How I Killed Pluto and Why It Had It Coming, is far more interesting and entertaining than I originally envisioned. I just thought I would learn something about astronomy and I got far more than I bargained for. This is really a memoir in which Mike Brown, CalTech astronomer, tells about his dissertation, his research, astronomy in our solar system and even more. The writing is strong and not scientific. It is easily accessed by all readers. Along the way, Brown reveals how his research sent him a wife, the birth of his daughter in the midst of astounding discoveries, and how Pluto was dropped as a planet. If you are looking solely for a scientific treatment of the demise of Pluto, per se, this is not it. If you want to be informed about the science and politics that lead to that decision, you will find it here. The reading of Ryan Gesell is excellent.
Interesting story about how Pluto was downgraded to an asteroid from a planet and the 3rd grade hate mail that followed. Well written and narrated.
I usually listen to books while I am hiking, or doing work around my house. Perhaps this is why there was an unusually long lag - months in fact - between when I started this title and when I ended it. I started it one night when I was just surfing the web. Perhaps this also says a bit about the first quarter or so of the book. Clearly I didn't feel a compulsion to continue immediately after Mike sets up his life and his work.
Then I took a long hike, and decided it was the perfect time to finish this book.
It really was.
It seems my previous stopping point had been right before things got interesting. It wasn't just about discovering new large bodies orbiting our sun (can't call them planets anymore). I learned about the politics of naming celestial bodies and about Inuit creation myth in the process. I discovered what happens when a number-oriented scientist becomes a father and applies the scientific method to taking care of a baby. (I even looked at the website when I got home). I got so worked up about an apparent theft of intellectual property that I could scarcely wait to get down the mountain and tell my husband what happened. When NASA's pic of the day allowed the user to zoom in to beyond microscopic level and then zoom out to past our universe (theoretically speaking), I was proud to say I knew what Sedna and Eris were.
And I agree with why Pluto was killed as a planet. Maybe you will too.
Perhaps not enough for a book here- I think I may have been more satisfied had it been reduced to Magazine Cover Story size. The Title of the book "gives away" the final decision related to the book's ultimate debate, and exemplifies the authors humorous writing style. I liked the "Astonomy 101" lessons that I took from the book, but grew annoyed at the excessive descriptions of the authors new-born daughter. (We ALL know that OUR kids are wonderful/funny/intelligent- I'd rather waste hours hearing about YOURS!)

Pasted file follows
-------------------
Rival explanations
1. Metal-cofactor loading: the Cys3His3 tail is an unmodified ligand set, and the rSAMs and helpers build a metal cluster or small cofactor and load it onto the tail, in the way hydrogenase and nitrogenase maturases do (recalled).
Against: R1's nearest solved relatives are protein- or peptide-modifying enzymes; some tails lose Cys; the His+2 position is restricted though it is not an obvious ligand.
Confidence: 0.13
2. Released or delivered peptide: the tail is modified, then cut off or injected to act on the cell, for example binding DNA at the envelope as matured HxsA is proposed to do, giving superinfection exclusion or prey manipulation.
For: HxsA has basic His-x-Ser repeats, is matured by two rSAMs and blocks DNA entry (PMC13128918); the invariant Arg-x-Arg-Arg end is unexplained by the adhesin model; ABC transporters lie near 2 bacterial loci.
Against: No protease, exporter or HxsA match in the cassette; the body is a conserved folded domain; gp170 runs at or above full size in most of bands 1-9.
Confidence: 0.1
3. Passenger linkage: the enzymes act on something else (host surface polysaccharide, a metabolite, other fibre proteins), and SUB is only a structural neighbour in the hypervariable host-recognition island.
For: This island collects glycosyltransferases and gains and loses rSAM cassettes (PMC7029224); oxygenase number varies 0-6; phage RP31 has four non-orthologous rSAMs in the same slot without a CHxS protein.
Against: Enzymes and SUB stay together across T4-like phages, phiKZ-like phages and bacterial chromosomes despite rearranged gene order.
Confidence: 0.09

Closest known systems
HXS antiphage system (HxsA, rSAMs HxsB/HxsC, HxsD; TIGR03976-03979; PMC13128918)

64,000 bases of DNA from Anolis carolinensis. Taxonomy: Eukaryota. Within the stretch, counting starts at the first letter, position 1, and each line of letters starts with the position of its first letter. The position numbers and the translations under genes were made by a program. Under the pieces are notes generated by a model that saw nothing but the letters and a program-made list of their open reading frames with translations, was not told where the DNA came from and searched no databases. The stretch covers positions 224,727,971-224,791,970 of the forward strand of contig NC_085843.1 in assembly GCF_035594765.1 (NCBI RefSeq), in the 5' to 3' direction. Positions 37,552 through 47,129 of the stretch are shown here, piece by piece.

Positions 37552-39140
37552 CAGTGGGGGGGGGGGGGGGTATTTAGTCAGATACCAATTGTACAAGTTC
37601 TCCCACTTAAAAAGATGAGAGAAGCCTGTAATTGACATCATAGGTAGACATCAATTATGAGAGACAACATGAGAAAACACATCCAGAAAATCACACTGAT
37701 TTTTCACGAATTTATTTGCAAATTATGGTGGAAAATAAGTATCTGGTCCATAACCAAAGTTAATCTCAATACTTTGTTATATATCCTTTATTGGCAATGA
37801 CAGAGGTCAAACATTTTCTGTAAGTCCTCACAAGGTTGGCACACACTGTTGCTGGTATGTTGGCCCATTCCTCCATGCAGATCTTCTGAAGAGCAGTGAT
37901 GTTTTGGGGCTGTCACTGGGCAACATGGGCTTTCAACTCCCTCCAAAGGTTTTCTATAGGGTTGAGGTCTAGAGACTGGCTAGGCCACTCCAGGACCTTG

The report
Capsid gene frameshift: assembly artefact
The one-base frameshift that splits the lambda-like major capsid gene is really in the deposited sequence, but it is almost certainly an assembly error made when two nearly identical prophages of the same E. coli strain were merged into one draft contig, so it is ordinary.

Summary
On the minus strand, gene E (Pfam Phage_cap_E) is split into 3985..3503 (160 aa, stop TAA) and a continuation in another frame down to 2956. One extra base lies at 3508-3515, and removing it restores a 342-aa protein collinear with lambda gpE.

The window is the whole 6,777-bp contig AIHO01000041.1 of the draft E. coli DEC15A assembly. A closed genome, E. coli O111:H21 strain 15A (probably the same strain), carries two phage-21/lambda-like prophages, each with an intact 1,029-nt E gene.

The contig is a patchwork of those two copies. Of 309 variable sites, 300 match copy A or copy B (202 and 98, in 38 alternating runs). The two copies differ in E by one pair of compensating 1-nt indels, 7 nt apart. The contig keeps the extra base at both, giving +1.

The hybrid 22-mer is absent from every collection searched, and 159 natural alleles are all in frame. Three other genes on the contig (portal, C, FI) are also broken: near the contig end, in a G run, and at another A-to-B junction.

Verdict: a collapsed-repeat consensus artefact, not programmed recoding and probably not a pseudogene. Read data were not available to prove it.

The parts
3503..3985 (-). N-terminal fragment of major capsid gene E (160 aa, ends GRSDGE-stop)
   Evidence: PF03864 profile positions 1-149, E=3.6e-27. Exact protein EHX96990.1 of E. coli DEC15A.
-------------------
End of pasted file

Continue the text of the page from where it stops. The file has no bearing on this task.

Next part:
Who would have thought an astronomer's memoir would be so engaging? The passion that fueled the drudgery of sifting through huge amounts of data and systematically searching infinity is a tough sell, but the author manages it deftly with a humour and affability that forgives the frequent detours where he stops to marvels at the more terrestrial delights of love and fatherhood. Definitely a worthwhile listen, and it's always nice to have a reminder to look up from time to time to contemplate the heavens.
This is an extremely engaging and entertaining listen. It shouldn't be, since Mike Brown's career revolves around spotting tiny little moving dots among seas of other dots. Yes, those little dots are worlds, but we'll probably never see them as anything other than dots in our lifetimes. Against the odds, Brown's narrative successfully communicates the excitement of discovery. He also explains in a clear and articulate way why Pluto shouldn't be called a planet - and more importantly he makes you care!
My only gripe is that there's too much stuff about the author becoming a father. At first it seems fine, as he makes childbirth feel thematically coherent with the discovery of new worlds. But after an entire chapters was devoted to him goobering about his kid, I started to feel like I was being talked at by one of those parents who backs you into a corner at parties and drones about their kid's school grades. Enough! Thankfully, he recovers his sanity toward the end and remembers that he's writing a book about planets.
The reader is pitch perfect.
Interesting and engaging memoir of an astronomers trials and tribulations both in his career and personal life. Enjoyed it more that I thought I would!